Then and Now – Moveable Aerodynamic Devices

Back in the late 1960’s when Colin Chapman introduced Jim Hall’s idea for high mounted wings into F1, the devices were mounted high up so as to be in clean air, and were fixed directly to the suspension uprights so the down-force was applied directly to the wheels without needing to first compress the cars suspension.  The system was very effective, but the thin struts holding the wings could not cope with the stresses when going over bumps in the track.  After some very dramatic failures in the 1968 Spanish Grand Prix they were banned on safety grounds.  Ever since there has been a regulation banning any aerodynamic device that is not rigidly fixed to the cars bodywork.  The regulation has been re-worded through the years to clarify several attempts at circumventing its purpose and currently it reads as follows:

3.15  Aerodynamic influence : 

With the exception of the driver adjustable bodywork described in Article 3.18 (in addition to minimal parts solely associated with its actuation) and the ducts described in Article 11.4, any specific part of the car influencing its aerodynamic performance : 

a) Must comply with the rules relating to bodywork. 

b) Must be rigidly secured to the entirely sprung part of the car (rigidly secured means not having any degree of freedom). 

c) Must remain immobile in relation to the sprung part of the car. 

Any device or construction that is designed to bridge the gap between the sprung part of the car and the ground is prohibited under all circumstances.  No part having an aerodynamic influence and no part of the bodywork, with the exception of the skid block in 3.13 above, may under any circumstances be located below the reference plane.  With the exception of the parts necessary for the adjustment described in Article 3.18, any car system, device or procedure which uses driver movement as a means of altering the aerodynamic characteristics of the car is prohibited.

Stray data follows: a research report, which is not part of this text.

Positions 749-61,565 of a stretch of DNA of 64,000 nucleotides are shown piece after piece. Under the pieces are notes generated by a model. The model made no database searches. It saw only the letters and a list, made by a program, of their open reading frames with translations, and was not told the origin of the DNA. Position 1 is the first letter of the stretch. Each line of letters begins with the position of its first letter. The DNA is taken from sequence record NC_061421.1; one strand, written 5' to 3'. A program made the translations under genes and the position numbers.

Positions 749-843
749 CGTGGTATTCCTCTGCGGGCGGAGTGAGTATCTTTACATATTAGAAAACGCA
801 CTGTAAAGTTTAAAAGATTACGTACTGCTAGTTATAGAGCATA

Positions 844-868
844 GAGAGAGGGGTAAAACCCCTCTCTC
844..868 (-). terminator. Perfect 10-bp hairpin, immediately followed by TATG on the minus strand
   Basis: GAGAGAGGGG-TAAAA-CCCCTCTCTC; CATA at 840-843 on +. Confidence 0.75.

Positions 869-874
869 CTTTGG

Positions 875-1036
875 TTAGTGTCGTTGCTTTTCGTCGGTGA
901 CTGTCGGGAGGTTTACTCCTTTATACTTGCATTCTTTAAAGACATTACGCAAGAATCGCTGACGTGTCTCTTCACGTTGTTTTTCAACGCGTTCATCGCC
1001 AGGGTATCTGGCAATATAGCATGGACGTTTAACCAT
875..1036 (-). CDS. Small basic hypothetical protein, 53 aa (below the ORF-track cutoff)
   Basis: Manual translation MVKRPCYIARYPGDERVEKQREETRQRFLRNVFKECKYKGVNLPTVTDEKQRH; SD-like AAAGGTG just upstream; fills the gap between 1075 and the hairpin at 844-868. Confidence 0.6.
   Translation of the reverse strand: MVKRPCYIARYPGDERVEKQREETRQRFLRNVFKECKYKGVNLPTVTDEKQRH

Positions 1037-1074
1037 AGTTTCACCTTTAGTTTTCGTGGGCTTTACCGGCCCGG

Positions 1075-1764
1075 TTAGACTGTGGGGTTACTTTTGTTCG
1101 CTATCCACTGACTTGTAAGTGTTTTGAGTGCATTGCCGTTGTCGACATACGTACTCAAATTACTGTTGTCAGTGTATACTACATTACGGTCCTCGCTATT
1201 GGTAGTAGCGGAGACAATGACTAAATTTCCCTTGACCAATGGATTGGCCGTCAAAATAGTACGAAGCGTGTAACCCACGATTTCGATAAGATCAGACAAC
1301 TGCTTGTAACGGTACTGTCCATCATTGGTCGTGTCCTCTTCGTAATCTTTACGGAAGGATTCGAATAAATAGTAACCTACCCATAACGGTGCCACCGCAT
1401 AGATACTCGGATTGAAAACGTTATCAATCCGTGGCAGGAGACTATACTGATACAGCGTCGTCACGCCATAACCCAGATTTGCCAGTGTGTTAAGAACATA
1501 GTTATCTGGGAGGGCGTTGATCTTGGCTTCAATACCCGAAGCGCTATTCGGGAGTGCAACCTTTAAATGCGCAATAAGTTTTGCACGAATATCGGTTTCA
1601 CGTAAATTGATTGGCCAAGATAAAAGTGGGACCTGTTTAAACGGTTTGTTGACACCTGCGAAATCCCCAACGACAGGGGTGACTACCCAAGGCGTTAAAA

This is the regulation that was used to ban the sliding skirts necessary to make most use of the shaped underbody of the late 1970’s and early 1980’s cars (hence the bit about bridging the gap between the sprung part of the car and the ground).  It was also used to outlaw the Lotus 88 twin chassis car of 1981.

While the Brabham BT46B fan car wasn’t actually banned (it was withdrawn voluntarily by the team’s owner in the interests of the sport), it would no doubt have been found to contravene this regulation.

Article 3.18 referred to in the FIA regulation covers the Drag Reduction System (DRS) which was added to the rear wing after a similar amendment allowing the drivers to adjust the front wing angle during the race proved not to have the effect desired.

In 2005 Renault introduced a mass damper to their car.  Mass dampers are widely used in buildings in areas subject to earthquakes or in tall buildings to control the vibration caused by the wind.  They were used by Renault in the original 2CV (dating back to 1949) to control the oscillation of the wheels.  Its use within F1 was similar in nature, but after being used by over 18 months it was found to contravene article 3.15 as it was deemed its primary purpose was to control the aerodynamic performance of the car.  It was initially banned by the FIA at the German Grand Prix when the spare car was presented for scrutineering with the device fitted.  Renault appealed and the Stewards overturned the ban.  Two races were held before the FIA hearing found the device illegal, fortunately for Renault they had decided to race without the device until the outcome of the FIA hearing.

Now, in advance of the German Grand  Prix once again we are in a position where a system that has been in use for well over a season and is apparently connected with the suspension function of the car has been declared illegal by the FIA.  As the Front Rear Inter Connected (FRIC) suspension does help control the attitude of the car (much as the mass damper did), it will also present a more stable aerodynamic platform, allowing the teams to run the car closer to the ground and run greater wing angles without fear of the wing stalling.  As a result I would expect any FIA hearing to find the system illegal.  However, most cars have a measure of anti-dive and anti-squat built into their front and rear suspension geometry, would these also be considered in contravention of 3.15?

Similar discussions were held when the FIA were trying to ban blown diffusers, only this time the pistons of the engines were being considered for having an aerodynamic influence.  Thankfully in that case common sense ruled, and the pistons were considered to have a non-aerodynamic primary purpose.  Whether such pragmatism will surface in this occasion I don’t know, but many of this years’ chassis are built around their interpretation of FRIC, and it may not be entirely simple to replace the system with conventional springs and dampers.  Still, it’s not as if teams are trying to reduce costs is it.

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